Gallup finds two-thirds see religion’s influence on the decline

WASHINGTON – Two-thirds of Americans see religion as having a declining influence on U.S. society, marking one of the lowest ratings in the five decades since the Gallup Poll first began asking the question.

The 67 percent of U.S. adults who said “religion as a whole” was losing its influence on American life in a poll released Dec. 23 was exceeded only by the 75 percent who saw a declining influence in 1970, at the height of the Vietnam War, and the 69 percent who saw such a decline in 1994, during the first term of President Bill Clinton.

“After a long period of doubt about the influence of religion during the Vietnam War era – from 1965 through 1975 – a December 1976 Gallup Poll found nearly as many Americans saying religion was increasing in influence, as disagreed (44 percent vs. 45 percent),” said a report on the survey by Lydia Saad, Gallup Poll senior editor.

“This relative high point for perceptions that religion was on the rise could have been associated with the election a month earlier of Jimmy Carter as president, an avowed born-again Christian,” she added.

The high point for those who said religion was increasing its influence came in December 2001, three months after the Sept. 11 terrorist attacks in New York, Washington and Pennsylvania, when 71 percent of Americans saw a rise in religion’s influence.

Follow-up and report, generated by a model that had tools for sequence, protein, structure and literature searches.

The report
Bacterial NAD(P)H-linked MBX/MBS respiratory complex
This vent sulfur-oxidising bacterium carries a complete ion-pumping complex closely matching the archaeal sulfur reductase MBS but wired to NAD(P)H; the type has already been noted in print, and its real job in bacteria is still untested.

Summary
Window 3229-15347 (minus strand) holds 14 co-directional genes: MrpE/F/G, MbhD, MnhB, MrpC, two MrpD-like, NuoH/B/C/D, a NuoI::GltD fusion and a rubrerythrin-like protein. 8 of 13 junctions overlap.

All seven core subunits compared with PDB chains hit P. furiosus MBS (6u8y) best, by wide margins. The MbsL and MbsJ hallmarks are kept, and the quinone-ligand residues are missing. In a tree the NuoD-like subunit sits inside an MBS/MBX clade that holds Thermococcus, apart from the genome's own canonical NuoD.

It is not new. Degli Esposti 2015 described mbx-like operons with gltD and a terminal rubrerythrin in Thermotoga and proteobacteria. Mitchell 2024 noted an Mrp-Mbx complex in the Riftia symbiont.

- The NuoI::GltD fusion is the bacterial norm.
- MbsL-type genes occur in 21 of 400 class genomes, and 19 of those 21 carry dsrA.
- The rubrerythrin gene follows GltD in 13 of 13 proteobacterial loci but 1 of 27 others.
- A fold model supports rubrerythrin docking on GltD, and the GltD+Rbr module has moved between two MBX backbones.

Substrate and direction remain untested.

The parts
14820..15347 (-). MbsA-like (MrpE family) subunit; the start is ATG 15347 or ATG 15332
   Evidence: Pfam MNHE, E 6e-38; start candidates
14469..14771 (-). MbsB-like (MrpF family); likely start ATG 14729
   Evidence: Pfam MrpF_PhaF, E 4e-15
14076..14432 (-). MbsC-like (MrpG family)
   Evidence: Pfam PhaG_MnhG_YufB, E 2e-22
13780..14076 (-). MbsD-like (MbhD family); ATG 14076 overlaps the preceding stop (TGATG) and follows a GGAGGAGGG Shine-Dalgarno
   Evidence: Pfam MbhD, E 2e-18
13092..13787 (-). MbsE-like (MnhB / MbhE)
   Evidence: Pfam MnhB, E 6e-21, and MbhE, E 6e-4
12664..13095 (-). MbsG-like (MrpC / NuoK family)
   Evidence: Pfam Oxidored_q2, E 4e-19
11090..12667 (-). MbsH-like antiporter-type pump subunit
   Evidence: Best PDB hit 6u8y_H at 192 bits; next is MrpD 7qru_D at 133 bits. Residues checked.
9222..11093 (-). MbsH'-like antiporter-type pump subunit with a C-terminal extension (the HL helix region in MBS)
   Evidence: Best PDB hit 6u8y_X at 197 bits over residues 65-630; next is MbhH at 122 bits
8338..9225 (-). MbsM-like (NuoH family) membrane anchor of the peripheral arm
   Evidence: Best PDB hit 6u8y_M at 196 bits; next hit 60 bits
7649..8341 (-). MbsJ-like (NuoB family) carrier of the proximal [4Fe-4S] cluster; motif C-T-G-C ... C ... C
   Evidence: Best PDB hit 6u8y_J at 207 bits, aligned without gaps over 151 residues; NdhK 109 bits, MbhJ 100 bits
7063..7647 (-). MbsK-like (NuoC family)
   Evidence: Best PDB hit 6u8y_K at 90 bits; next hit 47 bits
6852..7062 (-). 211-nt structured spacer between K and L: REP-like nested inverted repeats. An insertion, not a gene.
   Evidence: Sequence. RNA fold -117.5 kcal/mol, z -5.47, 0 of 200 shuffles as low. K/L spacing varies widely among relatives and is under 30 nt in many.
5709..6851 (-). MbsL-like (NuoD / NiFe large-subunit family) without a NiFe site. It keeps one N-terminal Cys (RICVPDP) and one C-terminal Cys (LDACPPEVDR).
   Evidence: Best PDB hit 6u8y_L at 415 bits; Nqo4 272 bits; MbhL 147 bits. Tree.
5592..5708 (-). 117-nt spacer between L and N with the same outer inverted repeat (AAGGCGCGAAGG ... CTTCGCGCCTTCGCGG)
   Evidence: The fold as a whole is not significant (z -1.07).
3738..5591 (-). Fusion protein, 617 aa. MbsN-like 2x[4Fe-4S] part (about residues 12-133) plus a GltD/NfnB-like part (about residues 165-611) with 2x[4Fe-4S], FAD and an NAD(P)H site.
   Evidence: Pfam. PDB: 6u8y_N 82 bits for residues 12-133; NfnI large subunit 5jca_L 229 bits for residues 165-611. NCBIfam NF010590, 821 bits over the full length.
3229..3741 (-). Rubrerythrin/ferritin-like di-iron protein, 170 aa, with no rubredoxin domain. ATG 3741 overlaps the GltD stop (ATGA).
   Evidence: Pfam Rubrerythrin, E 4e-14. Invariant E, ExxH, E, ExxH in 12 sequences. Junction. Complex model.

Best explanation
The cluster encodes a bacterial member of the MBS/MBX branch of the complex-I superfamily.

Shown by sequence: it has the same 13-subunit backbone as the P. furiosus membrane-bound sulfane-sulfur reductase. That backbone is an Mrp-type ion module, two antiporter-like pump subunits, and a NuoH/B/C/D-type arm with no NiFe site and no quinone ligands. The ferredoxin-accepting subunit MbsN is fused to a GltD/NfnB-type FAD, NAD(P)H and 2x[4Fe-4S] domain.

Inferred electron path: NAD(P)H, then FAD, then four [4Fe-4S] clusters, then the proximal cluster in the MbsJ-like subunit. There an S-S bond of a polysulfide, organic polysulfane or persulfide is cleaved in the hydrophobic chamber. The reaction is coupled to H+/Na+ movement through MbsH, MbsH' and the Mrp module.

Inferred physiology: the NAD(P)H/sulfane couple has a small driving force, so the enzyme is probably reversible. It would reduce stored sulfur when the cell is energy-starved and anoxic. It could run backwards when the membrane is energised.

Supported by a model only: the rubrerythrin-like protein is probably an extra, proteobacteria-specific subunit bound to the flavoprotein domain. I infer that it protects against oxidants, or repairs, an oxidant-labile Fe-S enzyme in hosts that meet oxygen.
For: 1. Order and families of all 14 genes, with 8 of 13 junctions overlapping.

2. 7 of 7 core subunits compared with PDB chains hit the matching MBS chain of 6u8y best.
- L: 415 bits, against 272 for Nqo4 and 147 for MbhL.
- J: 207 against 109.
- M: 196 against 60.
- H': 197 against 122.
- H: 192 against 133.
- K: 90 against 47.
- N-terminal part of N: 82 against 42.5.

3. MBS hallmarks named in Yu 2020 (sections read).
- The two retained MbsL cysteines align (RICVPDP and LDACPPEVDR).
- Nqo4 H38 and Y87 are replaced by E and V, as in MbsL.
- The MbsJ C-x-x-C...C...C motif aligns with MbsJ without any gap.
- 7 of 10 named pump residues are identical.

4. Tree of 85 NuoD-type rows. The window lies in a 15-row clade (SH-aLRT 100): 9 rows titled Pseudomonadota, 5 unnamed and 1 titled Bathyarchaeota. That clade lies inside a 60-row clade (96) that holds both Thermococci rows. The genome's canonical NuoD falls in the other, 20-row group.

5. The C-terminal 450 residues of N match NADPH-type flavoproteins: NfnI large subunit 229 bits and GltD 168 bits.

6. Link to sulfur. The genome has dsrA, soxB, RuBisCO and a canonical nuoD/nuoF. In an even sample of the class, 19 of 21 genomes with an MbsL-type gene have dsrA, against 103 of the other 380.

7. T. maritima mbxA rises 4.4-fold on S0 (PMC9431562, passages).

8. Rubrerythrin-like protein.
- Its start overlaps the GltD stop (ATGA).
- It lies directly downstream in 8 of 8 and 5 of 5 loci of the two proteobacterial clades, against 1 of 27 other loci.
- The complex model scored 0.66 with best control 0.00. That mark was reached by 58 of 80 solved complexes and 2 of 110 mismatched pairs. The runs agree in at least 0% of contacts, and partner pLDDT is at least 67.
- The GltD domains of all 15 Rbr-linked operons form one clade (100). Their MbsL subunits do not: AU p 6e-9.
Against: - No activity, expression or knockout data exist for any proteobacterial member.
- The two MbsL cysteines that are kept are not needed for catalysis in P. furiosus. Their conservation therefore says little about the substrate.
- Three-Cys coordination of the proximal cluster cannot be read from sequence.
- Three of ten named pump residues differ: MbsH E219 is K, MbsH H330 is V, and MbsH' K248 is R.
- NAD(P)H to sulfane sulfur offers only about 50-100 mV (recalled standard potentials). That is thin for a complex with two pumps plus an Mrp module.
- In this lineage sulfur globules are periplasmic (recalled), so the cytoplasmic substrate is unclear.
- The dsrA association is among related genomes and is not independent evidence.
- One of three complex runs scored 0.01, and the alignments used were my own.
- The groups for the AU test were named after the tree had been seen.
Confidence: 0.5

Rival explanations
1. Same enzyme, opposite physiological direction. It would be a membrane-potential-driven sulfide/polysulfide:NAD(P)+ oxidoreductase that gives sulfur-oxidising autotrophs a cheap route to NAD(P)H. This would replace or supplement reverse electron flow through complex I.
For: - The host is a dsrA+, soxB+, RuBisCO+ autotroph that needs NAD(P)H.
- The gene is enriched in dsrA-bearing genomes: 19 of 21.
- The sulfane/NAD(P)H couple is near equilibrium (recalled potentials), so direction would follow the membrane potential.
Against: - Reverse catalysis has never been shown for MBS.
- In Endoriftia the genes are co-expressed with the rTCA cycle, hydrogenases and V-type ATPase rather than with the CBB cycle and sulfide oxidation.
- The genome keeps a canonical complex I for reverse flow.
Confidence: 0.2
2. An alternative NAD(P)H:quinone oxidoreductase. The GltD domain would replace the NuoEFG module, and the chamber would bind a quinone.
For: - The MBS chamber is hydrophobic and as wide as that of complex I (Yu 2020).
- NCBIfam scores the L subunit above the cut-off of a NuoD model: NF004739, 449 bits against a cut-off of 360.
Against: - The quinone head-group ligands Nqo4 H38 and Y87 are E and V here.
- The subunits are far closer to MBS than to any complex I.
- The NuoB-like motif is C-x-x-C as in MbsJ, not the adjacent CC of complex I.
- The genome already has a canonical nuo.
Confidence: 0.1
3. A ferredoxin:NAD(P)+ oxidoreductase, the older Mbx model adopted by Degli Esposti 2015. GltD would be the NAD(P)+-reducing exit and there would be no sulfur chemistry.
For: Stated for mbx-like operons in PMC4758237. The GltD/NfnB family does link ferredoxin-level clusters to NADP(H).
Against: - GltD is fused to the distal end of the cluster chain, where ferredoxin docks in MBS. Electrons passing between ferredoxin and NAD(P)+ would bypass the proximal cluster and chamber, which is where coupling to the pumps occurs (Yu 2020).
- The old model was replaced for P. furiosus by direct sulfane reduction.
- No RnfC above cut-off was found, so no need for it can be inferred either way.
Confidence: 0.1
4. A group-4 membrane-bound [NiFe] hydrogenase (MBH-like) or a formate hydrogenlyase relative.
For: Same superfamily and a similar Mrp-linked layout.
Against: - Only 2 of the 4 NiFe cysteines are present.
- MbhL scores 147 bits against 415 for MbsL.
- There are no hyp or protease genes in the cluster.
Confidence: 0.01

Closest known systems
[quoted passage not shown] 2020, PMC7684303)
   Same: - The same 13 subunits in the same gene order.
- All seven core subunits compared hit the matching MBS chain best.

Ms. Saad said “this measure of public perceptions about religion has been quite volatile” since Gallup first asked the question in 1957, “with shifts in perception often corresponding to major political events.”

In the December 2008 survey, the view that religion was losing its influence was higher among men than women (70 percent to 64 percent). Among those who attend religious services weekly, 74 percent saw a decline in religion’s influence, compared to 63 percent of those who seldom or never attend religious services.

The survey also asked whether Americans believe “that religion can answer all or most of today’s problems, or that religion is largely old-fashioned and out of date.”

The percentage who believe religion can answer most problems has been on a relatively steady decline from 82 percent in 1958 to 53 percent in the latest survey. The percentage who see religion as old-fashioned has grown from 7 percent in 1958 to 28 percent today.

“The vast majority of Americans who attend church or another worship service weekly (82 percent) say religion can answer today’s problems, as do 59 percent of those attending at least monthly, but only 27 percent of those who rarely or never attend agreed,” Saad said in her report.

The results also varied by the age of the respondents, with 60 percent of those 55 years old or older seeing an answer to today’s problems in religion, compared to 52 percent of those between 35 and 54 years old and 44 percent of those 18 to 34.

The margin of error for the survey, conducted Dec. 4-7 among 1,009 adult Americans, was plus or minus 3 percentage points.

Catholic Review

The Catholic Review is the official publication of the Archdiocese of Baltimore.